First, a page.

similar petition filed under Art. 32. If the petition is dismissed as
withdrawn it cannot be a bar to a subsequent petition under Art.
32, because in such a case there has been no decision on the
merits by the Court. We wish to make it clear that the
conclusions thus reached by us are confined only to the point of
res judicata which has been argued as a preliminary issue in Patna
these writ petitions and no other. It is in the light of this decision
that we will now proceed to examine the position in the six
petitions before us.”

8. The said observations of the Supreme Court are in the context of dismissal of the writ petition by the High Court on any ground other than on merits and invocation of jurisdiction of the Supreme Court under Article 32 of the Constitution. But the situation in the present case is invocation of jurisdiction of High Court again after the dismissal of a writ petition by the High Court. The said judgment referred to by the counsel for the petitioner does not deal with the question of the invocation of the jurisdiction again of the High Court after withdrawal of the earlier petition.

9. In B. Prabhakar Rao?s case (supra), the writ petitions were dismissed in limine by the Supreme Court and thereafter, another petition was filed before the Supreme Court. It was in these circumstances, the Court said that dismissal in limine may inhibit the discretion of the Court but not the jurisdiction. The relevant paragraph of the said judgment reads as under:-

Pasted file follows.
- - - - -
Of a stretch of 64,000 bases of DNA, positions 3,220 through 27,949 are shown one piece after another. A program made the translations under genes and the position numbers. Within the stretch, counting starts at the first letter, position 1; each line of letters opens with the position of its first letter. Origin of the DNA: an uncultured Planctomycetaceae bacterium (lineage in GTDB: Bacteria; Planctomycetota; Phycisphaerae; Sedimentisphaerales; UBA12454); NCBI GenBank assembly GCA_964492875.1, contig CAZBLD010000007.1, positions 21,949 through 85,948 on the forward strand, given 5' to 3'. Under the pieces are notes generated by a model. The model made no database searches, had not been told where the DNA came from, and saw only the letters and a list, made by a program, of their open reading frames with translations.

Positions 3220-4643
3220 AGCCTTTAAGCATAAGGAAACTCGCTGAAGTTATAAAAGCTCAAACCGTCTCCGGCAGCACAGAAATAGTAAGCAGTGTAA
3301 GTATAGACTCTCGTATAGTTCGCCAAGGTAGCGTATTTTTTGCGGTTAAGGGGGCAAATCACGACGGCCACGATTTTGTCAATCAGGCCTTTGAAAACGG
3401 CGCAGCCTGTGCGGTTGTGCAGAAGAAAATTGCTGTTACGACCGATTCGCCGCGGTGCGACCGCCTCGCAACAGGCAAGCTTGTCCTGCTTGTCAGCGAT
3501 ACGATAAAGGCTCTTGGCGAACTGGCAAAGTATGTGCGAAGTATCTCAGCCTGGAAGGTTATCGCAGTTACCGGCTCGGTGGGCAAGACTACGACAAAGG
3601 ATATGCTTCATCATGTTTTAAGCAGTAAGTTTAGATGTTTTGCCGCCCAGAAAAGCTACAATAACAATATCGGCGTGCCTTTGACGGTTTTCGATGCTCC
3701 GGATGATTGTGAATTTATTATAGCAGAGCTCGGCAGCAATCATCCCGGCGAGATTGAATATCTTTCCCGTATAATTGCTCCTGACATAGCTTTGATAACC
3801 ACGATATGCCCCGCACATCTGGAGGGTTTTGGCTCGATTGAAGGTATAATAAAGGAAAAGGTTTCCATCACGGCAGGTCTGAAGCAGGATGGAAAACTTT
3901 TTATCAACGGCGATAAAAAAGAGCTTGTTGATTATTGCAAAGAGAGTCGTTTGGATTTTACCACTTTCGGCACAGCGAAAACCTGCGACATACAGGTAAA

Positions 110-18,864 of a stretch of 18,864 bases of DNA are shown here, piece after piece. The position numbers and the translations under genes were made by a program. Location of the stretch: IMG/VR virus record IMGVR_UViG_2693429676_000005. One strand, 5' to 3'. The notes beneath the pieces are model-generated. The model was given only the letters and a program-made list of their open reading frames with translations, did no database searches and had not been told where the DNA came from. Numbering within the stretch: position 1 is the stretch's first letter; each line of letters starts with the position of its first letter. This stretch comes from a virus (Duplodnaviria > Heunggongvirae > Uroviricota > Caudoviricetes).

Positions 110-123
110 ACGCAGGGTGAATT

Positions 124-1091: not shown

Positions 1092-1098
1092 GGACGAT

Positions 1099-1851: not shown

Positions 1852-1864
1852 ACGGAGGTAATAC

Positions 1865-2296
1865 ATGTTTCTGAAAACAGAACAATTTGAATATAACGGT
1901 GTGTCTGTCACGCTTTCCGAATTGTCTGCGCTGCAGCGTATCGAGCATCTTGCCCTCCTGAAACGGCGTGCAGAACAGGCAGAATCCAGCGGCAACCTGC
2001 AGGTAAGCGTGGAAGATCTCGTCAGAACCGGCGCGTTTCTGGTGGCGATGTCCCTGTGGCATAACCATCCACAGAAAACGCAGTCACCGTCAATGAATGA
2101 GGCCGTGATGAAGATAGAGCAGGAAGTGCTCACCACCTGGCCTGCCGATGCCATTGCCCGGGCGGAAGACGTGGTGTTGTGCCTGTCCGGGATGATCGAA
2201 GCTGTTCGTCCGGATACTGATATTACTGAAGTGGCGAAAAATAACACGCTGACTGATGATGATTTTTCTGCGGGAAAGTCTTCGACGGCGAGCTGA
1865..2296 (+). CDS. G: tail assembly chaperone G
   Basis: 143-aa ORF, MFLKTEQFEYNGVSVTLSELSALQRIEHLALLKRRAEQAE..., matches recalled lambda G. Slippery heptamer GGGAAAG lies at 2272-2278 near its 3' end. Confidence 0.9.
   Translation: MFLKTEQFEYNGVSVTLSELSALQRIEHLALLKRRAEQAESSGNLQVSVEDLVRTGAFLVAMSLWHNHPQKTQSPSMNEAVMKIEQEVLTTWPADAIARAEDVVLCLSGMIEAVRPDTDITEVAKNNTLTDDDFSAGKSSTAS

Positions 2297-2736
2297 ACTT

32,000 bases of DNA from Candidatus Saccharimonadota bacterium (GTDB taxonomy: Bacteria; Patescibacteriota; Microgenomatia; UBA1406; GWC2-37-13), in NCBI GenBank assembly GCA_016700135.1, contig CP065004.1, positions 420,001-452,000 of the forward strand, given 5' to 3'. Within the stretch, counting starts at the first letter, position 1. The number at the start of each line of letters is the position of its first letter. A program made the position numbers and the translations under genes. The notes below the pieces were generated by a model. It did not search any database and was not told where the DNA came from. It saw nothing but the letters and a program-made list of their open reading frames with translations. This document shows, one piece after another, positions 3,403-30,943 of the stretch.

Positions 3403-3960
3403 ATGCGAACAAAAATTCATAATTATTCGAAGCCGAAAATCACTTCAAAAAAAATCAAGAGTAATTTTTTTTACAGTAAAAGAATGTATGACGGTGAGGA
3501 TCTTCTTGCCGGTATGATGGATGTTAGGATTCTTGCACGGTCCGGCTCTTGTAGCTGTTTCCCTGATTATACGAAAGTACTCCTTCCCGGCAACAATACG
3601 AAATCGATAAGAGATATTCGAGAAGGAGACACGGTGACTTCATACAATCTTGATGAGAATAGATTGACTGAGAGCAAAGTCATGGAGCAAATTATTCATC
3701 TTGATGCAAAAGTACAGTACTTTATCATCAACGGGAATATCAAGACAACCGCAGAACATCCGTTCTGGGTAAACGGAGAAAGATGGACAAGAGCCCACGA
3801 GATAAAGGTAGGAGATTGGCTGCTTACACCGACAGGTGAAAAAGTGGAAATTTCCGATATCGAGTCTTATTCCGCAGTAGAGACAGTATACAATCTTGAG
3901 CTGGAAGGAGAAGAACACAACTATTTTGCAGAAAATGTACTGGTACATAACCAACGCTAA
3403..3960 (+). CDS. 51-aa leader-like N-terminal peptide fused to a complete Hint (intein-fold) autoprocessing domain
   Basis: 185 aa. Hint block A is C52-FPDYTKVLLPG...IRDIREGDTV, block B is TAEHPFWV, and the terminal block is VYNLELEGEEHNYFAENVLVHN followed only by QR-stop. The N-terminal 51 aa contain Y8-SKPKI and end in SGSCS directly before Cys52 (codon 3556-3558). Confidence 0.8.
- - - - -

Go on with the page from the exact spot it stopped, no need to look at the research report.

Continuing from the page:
“23. We may now refer to two arguments which
were mentioned in passing but were not pursued. The first was
that a writ petition similar to Writ Petitions Nos. 3420-3426/83
etc. had been filed earlier and had been dismissed in limine by a
Bench of this Court. We do not see how the dismissal in limine
of such a writ petition can possibly bar the present writ petitions.
Such a dismissal in limine may inhibit our discretion but not our
jurisdiction. So the objection such as it was, was not pursued
further. So also the second objection which related to the nonjoinder
of all affected parties to the litigation. We are quite
satisfied that even if some individual affected parties have not
been impleaded before us, their interests are identical with those
and have been sufficiently and well represented. Further, the
relief claimed in Writ Petitions Nos. 3420-3426 of 1983 etc. is of
a general nature and claimed against the State and no particular
relief is claimed against any individual party. We do not think
that the mere failure to implead all affected parties is a bar to the
maintainability of the present petitions in the special
circumstances of these cases where the actions are really
between two „warring groups?.”

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10. This is again in respect of the proceedings initiated before the Supreme Court under Article 32 of the Constitution wherein another writ petition was filed before the Supreme Court after dismissal of the first writ petition in limine.